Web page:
Immigration’s Effect on Future Workforces
Many Organization for Economic Cooperation and Development (OECD) nations have aging populations, with substantial fractions of their populations exceeding 55. As more of this population retires and people live longer on average, a corresponding number of younger people will have to move into the workforce to maintain a steady share of the working population for the entire nation.
This working-age population has to produce not only for themselves, but also for others, including the elderly and children. In this context, immigration can play a role, especially if the immigrants are of prime working and/or childbearing age:
- First, the immigrants can substitute for natives who are retiring from the workforce.
- Second, working-age immigrants are likely to have children, who can contribute to the future workforce of the nation.
Keeping these issues in mind, we examined the latest publicly available data (which were from 2013) for the proportion of foreign-born in OECD nations and the proportion of the population 55 years or older in these same nations.Data limitations required us to focus on 27 OECD nations.
We observe from the figure above that two major European economies—Germany (33.8 percent) and Italy (33.7 percent)—are at the top of the list of aging populations. However, Germany and Italy are in the bottom half of the nations in the figure below, which shows the share of foreign-born in the same countries we observed in the previous figure.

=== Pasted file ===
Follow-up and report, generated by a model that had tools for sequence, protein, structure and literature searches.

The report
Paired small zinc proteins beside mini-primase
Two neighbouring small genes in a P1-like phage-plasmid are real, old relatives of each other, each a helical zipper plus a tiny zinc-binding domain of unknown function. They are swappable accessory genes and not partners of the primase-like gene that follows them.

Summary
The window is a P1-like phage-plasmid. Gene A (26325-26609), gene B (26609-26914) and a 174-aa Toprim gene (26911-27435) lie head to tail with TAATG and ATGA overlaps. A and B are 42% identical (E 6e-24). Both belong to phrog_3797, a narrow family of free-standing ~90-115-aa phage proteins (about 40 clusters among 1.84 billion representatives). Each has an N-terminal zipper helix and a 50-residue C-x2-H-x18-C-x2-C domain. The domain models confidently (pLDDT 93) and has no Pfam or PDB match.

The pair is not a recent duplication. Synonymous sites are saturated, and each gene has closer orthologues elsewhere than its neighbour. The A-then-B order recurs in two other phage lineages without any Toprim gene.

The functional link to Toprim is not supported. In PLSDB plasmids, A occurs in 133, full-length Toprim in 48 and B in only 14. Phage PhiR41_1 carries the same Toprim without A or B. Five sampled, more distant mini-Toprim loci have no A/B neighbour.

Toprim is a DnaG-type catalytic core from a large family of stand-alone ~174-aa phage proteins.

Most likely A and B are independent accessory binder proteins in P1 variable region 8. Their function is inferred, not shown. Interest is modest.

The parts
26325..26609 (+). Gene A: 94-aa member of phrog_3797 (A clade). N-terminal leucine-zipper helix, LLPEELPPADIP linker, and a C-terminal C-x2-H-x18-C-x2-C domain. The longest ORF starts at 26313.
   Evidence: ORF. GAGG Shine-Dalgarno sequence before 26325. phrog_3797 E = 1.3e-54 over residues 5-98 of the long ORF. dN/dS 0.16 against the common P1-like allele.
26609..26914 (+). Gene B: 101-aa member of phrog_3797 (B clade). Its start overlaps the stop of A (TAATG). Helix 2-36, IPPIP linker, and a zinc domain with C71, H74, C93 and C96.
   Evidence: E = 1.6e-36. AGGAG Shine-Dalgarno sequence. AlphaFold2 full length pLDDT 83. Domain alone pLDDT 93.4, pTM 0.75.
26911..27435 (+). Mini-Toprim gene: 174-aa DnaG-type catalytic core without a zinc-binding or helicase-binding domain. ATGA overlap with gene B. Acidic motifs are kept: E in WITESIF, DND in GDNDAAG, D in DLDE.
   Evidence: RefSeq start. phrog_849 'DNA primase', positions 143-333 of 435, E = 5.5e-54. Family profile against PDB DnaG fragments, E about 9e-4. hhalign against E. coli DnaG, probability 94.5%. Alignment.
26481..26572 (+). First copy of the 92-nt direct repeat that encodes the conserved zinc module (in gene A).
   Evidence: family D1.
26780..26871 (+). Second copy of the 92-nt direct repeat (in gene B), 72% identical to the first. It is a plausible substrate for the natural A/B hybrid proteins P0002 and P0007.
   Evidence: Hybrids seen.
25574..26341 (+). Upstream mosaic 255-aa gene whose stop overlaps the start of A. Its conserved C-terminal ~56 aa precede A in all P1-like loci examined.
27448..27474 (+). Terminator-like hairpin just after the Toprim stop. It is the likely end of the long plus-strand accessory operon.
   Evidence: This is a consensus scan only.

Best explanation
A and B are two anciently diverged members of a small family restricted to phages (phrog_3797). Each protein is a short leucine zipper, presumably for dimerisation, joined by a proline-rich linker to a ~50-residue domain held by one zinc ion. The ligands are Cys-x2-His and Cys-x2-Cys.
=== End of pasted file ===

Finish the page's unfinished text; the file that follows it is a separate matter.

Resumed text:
Such a switch in ranks between the two figures is true for most other nations in our sample as well.
Digging deeper, we found a 2015 OECD report that around 87 percent of the foreign-born in Italy in the years 2011-12 were in the prime workforce age group of 15-64 years. Indicators of Immigrant Integration 2015: Settling In, OECD Publishing, 2015. This was around 23 percentage points higher than the corresponding proportion for the Italian natives. Similarly, for Germany, the percentage of foreign-born in the 15-64 year age group was around 83 percent, which was higher than the native-born proportion by around 20 percentage points.
Seen in this light, the age profiles of the foreign-born in Italy and Germany are suggestive of future benefits from the foreign-born population. Many factors—including education, tax and transfer policies—will determine the economic future of all these nations. Immigration and demographic changes that we discussed in this post will contribute their share to that future.
Notes and References
1 Data limitations required us to focus on 27 OECD nations.
2 Indicators of Immigrant Integration 2015: Settling In, OECD Publishing, 2015.
- On the Economy: Immigration: Top Origin Nations and Top Destinations
- On the Economy: Today’s Immigrants Are More Educated than 50 Years Ago
- On the Economy: Does Immigration Affect Local Labor Markets?